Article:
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Meeting the Needs of Military Families: What Advocates Need to Know

By Dana Markey, program manager, NAMI’s Child and Adolescent Action Center

military family

Some of the Americans most affected by military service are too young to enlist—the almost 2 million, or 4 percent, of U.S. children who are living in military families. As part of military life, these children experience frequent moves and multiple deployments, both of which are major life stressors for children. New research studies show that children of military families have high rates of mental health challenges. Depression is seen in one of four military children. A study of the children of parents serving in Operation Iraqi Freedom and one of participants in Operation Purple summer camp found that children also experience significantly higher stress scores and rates of emotional and behavioral difficulties compared to the national average. As for all young people, the needs of military children are unique, but all are shaped to some extent by the fact that they have a parent in uniform.

An estimated 700,000 children have at least one deployed parent. A deployment usually lasts 12-15 months and involves difficult transitions for a family—not only when the service member deploys, but also when he or she returns home. Having a parent deployed to a war zone is one of the most stressful events a child can experience. Even for those not serving overseas, military families are expected to move every three to four years, if not more often. Such frequent moving can have a negative affect on children’s adjustment to new schools and communities, sometimes leading to a lack of stability, connectedness and support.

These multiple stressors can take their toll on military children, who sometimes need mental health treatment in order to cope. A research study on military families published in the November 2010 issue of Pediatrics shows that when a military parent is deployed, mental and behavioral health visits increase by 11 percent. Additionally, behavioral disorders increase by 19 percent and stress disorders increase by 18 percent. Children with a deployed parent often experience the following:

  • changes in school performance—lower test scores, academic difficulties, inattention and unable to complete work;
  • lashing out in anger, worrying and hiding emotions;
  • increased anxiety, depression and other mental health problems;
  • withdrawal and social isolation;
  • sleeping problems;
  • feelings of a sense of loss or danger; and
  • appearing listless, unmotivated and uninterested.

For children in the mental health care system, moving can significantly disrupt their mental health care and their relationships with health care providers. Additionally, for children who are experiencing social isolation because of their mental health conditions, the mobility of military life only worsens an already-difficult situation. For children living with preexisting mental health conditions, having a parent deployed can mean the loss of a critical source of support, a key member of their treatment team and an important advocate.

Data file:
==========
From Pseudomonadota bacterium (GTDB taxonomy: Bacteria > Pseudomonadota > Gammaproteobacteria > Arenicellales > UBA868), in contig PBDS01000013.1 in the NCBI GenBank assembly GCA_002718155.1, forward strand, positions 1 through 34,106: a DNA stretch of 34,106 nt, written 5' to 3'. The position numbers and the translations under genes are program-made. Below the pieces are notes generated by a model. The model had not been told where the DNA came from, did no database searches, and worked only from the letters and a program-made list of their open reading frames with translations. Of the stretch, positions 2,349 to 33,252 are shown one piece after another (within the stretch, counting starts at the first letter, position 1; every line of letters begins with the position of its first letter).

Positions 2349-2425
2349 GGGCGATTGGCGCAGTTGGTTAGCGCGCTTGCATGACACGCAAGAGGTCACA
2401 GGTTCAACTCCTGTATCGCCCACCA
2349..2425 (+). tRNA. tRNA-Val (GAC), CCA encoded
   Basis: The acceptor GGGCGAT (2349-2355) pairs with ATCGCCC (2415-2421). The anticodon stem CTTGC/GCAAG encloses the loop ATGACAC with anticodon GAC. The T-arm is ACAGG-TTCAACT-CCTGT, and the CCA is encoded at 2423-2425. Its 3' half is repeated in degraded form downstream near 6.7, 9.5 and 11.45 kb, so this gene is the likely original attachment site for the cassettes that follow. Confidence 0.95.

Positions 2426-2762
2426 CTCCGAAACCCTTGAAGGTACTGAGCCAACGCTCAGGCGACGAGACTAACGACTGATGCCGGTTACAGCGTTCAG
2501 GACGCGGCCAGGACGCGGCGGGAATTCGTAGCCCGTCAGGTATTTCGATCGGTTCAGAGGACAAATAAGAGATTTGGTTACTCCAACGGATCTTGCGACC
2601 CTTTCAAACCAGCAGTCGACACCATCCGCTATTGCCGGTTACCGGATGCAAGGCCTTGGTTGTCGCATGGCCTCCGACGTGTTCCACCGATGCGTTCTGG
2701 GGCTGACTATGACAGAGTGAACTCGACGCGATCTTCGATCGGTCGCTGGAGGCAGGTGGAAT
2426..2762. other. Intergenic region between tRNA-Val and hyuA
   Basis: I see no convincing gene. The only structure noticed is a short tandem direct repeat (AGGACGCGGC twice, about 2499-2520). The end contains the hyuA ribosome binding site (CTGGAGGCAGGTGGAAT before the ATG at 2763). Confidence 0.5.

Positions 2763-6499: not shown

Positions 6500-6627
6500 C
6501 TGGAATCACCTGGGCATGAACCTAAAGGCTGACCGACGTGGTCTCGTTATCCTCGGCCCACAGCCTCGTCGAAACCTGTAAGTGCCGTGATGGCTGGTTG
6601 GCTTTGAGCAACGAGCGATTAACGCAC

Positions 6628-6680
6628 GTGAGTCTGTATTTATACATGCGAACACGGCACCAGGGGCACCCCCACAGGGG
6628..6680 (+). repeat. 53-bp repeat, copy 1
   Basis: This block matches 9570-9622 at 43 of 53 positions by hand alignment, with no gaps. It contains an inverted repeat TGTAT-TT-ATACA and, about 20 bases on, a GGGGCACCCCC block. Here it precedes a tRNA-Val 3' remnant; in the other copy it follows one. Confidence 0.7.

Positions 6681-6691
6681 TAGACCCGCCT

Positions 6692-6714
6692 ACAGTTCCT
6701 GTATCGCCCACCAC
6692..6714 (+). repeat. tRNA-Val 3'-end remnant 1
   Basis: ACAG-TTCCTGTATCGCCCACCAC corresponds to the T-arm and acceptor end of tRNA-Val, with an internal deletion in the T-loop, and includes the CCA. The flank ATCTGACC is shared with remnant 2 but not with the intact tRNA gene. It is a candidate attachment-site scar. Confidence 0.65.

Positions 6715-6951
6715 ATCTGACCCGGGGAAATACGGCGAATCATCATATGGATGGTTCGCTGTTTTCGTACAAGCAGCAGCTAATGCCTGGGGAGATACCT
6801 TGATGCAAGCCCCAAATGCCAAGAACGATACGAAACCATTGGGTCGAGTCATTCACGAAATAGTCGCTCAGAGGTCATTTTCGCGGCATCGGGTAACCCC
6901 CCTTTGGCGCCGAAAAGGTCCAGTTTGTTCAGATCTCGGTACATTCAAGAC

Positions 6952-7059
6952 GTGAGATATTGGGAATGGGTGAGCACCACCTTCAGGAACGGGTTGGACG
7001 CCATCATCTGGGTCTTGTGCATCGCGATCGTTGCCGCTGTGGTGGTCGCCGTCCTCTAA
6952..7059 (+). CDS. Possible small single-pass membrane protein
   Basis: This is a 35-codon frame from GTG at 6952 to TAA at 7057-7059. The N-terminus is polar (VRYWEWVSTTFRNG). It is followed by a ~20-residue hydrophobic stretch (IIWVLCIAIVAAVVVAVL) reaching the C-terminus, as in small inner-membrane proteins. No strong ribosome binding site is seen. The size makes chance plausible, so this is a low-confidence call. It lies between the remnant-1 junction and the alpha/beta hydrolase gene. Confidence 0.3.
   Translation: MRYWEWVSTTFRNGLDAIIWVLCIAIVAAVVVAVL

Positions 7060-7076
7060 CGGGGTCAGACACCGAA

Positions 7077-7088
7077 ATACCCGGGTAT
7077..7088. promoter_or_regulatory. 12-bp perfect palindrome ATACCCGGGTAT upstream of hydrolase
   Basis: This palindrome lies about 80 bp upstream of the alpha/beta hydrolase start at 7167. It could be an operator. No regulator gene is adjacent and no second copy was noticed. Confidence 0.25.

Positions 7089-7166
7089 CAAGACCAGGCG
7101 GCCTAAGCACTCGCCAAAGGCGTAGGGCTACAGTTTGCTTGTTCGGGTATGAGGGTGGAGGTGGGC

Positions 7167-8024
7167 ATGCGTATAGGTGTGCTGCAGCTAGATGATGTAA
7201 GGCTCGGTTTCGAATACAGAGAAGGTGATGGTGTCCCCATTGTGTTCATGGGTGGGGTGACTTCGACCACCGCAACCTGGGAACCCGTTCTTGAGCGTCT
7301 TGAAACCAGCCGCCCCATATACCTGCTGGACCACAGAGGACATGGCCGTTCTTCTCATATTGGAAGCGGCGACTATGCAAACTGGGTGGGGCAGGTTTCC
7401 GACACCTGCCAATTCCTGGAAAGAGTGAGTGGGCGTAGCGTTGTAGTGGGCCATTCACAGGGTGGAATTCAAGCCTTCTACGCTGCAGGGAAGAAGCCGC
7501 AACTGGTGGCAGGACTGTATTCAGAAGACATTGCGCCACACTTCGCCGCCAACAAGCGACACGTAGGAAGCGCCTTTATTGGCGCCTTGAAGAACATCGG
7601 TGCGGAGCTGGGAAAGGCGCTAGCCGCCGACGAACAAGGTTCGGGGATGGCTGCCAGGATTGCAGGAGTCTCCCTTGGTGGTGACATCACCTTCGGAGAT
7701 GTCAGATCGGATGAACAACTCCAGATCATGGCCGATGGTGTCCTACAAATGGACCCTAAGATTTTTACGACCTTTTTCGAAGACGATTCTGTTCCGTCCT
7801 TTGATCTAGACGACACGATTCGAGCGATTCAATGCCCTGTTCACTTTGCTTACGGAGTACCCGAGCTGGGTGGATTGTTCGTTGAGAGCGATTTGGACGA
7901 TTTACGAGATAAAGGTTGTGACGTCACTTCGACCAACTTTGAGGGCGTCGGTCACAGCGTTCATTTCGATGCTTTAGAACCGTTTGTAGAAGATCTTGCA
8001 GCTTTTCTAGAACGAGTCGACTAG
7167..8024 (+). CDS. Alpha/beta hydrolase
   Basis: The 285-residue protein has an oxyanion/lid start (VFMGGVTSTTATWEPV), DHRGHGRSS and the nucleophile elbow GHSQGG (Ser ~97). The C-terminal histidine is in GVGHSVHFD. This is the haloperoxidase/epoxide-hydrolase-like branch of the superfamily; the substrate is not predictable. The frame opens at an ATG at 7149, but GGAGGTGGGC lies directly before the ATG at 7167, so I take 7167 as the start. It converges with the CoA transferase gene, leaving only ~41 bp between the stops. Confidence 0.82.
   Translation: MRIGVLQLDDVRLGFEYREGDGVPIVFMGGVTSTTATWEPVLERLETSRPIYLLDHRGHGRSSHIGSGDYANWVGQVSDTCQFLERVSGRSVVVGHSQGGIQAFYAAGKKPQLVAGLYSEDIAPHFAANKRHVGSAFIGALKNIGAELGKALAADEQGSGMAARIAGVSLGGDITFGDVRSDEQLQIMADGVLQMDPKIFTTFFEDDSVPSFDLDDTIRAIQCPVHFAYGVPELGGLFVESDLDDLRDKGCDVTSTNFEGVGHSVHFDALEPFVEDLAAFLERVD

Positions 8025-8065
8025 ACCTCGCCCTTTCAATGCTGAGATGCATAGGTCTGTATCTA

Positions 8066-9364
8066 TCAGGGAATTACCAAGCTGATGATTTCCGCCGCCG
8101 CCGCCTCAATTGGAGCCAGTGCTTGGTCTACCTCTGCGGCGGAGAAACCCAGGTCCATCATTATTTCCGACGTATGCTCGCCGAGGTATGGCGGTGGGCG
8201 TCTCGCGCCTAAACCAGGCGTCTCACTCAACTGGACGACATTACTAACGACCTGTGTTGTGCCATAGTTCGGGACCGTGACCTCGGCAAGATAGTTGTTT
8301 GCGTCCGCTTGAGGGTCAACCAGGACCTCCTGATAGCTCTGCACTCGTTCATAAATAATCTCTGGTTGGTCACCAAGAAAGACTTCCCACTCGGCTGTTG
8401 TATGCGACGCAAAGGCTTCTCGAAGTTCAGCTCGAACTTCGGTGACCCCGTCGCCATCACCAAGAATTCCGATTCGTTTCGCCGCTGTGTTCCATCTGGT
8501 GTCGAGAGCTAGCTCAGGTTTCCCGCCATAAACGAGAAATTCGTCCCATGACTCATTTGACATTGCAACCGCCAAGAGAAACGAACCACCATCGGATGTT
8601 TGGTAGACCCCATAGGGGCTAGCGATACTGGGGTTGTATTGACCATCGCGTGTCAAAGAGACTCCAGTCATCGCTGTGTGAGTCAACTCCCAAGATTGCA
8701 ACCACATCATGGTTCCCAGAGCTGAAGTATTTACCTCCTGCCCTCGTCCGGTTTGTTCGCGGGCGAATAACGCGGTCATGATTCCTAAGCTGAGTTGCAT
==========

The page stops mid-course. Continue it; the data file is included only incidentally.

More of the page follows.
Supporting Military Families

Military families report that the stigma surrounding mental health conditions is still prevalent within the military culture. This may make military families less likely to seek needed services and supports and instead try and go at it alone. It is important that these families know that they are not alone, that mental health conditions are just like any other physical condition that can impact youth.

In order to better address the unique needs of military families who have a child living with a mental health condition, NAMI has dedicated the upcoming issue of Beginnings to providing NAMI leaders, advocates, health care providers and others with the resources they need to better support these families and combat the stigma on military installations. Beginnings is NAMI’s quarterly magazine dedicated to child and adolescent mental health issues.

The upcoming issue includes a wide range of articles that cover the various issues military families face:

  • how mental health advocates can combat the stigma prevalent in the military culture so that children and their families can access the services and supports they need;
  • the services and supports available to military families, including those who have a child living with a mental health condition;
  • an overview of the existing research on children of military families;
  • strategies on how health care providers can better address the needs of military children and their families;
  • personal stories about military culture and the positive and negative effects it can have on children living with mental health conditions; and
  • guidance on promoting and bringing mental health education and support programs to military families.

All of these articles offer valuable insight into the lived experience of military families who have children living with mental health conditions. They also identify critical areas where support for military families is needed most. In particular, National Guard and Reserve families have been identified as a high priority. Since these families do not live on military installations nor live the typical military lifestyle, they often do not have a natural, supportive community that understands their needs readily available. NAMI state and local leaders are in a prime position to provide a supportive community for these families. This edition of Beginnings is a step towards publicizing the unique and often overlooked challenges military families face when raising a child living with a mental health condition.

To receive a free subscription to the Beginnings magazine, contact Bianca Ruffin at The magazine can also be accessed online at

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